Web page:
Courtesy Ford; Courtesy BMW; Courtesy Mercedes


Last summer, the Environmental Protection Agency and the Department of Transportation threw down the gauntlet: They set a new standard that will require the average car to run at 54.5 miles per gallon—nearly double today’s average—by 2025. Carmakers could reach that goal the easy way, making vehicles smaller and lighter but, at the same time, less powerful. Instead, several are getting there the hard way, building pint-size engines that squeeze out as many horses as their beefier predecessors.


Consumers, especially those accustomed to luxury, often dismiss small engines as weak, noisy, and unreliable. But modifications like turbocharging and direct fuel injection allow more-precise fuel delivery and near-complete combustion, boosting an engine’s horsepower even as it consumes less gas. And of course, burning less fuel reduces greenhouse emissions and saves drivers money.


Turbocharging and direct fuel injection helped Ford engineers to get 123 horsepower—a healthy amount for a compact—out of the Fiesta’s tiny 1-liter engine. The four-door hatchback or sedan will clock more than 40 mpg on the highway. $15,800 (est.)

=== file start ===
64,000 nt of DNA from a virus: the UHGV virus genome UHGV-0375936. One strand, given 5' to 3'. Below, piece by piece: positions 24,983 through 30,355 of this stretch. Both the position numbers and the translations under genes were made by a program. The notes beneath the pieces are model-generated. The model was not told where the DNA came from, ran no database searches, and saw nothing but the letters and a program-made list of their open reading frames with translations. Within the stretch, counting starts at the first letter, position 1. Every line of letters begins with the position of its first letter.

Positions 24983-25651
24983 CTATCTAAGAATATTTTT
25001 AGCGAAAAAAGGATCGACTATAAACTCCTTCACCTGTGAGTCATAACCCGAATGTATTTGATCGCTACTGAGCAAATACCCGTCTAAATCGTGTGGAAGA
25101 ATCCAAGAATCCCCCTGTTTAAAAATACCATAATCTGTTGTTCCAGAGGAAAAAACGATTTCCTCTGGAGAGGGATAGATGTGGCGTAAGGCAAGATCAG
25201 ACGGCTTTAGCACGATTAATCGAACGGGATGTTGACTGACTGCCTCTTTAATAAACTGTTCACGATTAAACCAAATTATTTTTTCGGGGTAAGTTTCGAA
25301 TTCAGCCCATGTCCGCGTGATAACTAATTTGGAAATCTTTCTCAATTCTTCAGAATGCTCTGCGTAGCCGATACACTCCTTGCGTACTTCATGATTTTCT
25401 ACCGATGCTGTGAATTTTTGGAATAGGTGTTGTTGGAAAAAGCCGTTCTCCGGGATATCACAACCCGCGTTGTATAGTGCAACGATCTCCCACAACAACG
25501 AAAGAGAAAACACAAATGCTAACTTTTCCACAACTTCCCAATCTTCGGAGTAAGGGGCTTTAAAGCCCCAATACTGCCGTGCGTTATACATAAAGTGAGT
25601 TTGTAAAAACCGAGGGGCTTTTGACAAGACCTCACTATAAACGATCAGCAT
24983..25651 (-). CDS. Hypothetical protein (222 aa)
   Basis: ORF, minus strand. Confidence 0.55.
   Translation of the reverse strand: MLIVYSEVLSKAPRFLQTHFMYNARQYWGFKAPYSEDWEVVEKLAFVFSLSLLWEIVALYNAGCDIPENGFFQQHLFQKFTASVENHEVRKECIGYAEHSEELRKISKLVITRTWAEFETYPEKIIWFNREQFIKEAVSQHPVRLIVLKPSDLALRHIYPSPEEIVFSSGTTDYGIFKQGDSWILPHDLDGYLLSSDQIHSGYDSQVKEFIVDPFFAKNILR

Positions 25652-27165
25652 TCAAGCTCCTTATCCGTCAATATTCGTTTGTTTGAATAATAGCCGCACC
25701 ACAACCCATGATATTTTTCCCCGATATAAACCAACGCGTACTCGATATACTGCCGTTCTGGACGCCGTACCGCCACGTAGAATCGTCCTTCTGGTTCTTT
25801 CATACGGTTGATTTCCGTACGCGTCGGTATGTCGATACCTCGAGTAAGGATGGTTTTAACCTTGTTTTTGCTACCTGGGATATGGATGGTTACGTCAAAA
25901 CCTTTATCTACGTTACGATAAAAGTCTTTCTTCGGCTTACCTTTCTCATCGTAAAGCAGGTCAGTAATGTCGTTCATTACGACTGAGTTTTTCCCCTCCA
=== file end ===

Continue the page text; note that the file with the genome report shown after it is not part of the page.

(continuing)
BMW i8

The i8’s three-cylinder, 1.5-liter engine, called the B38, cranks out 220 horsepower. An electric motor on the drivetrain adds a jolt of acceleration that propels the car from zero to 60 mph in 4.6 seconds. Analysts expect that the engine, which helps the i8 peak at 80 mpg, will also power the next-generation Mini and 1-series coupe. $125,000 (est.)


The 2-liter M133 engine in the AMG produces 355 horsepower, a record output-to-displacement ratio for any engine. A twin-scroll turbocharger adds 26.1 pounds per square inch of engine pressure, which sends the compact sedan from zero to 60 in 4.5 seconds. Even with all that power, it should approach 30 mpg. $48,375

This article originally appeared in the August 2013 issue of Popular Science_. See more stories from the magazine here._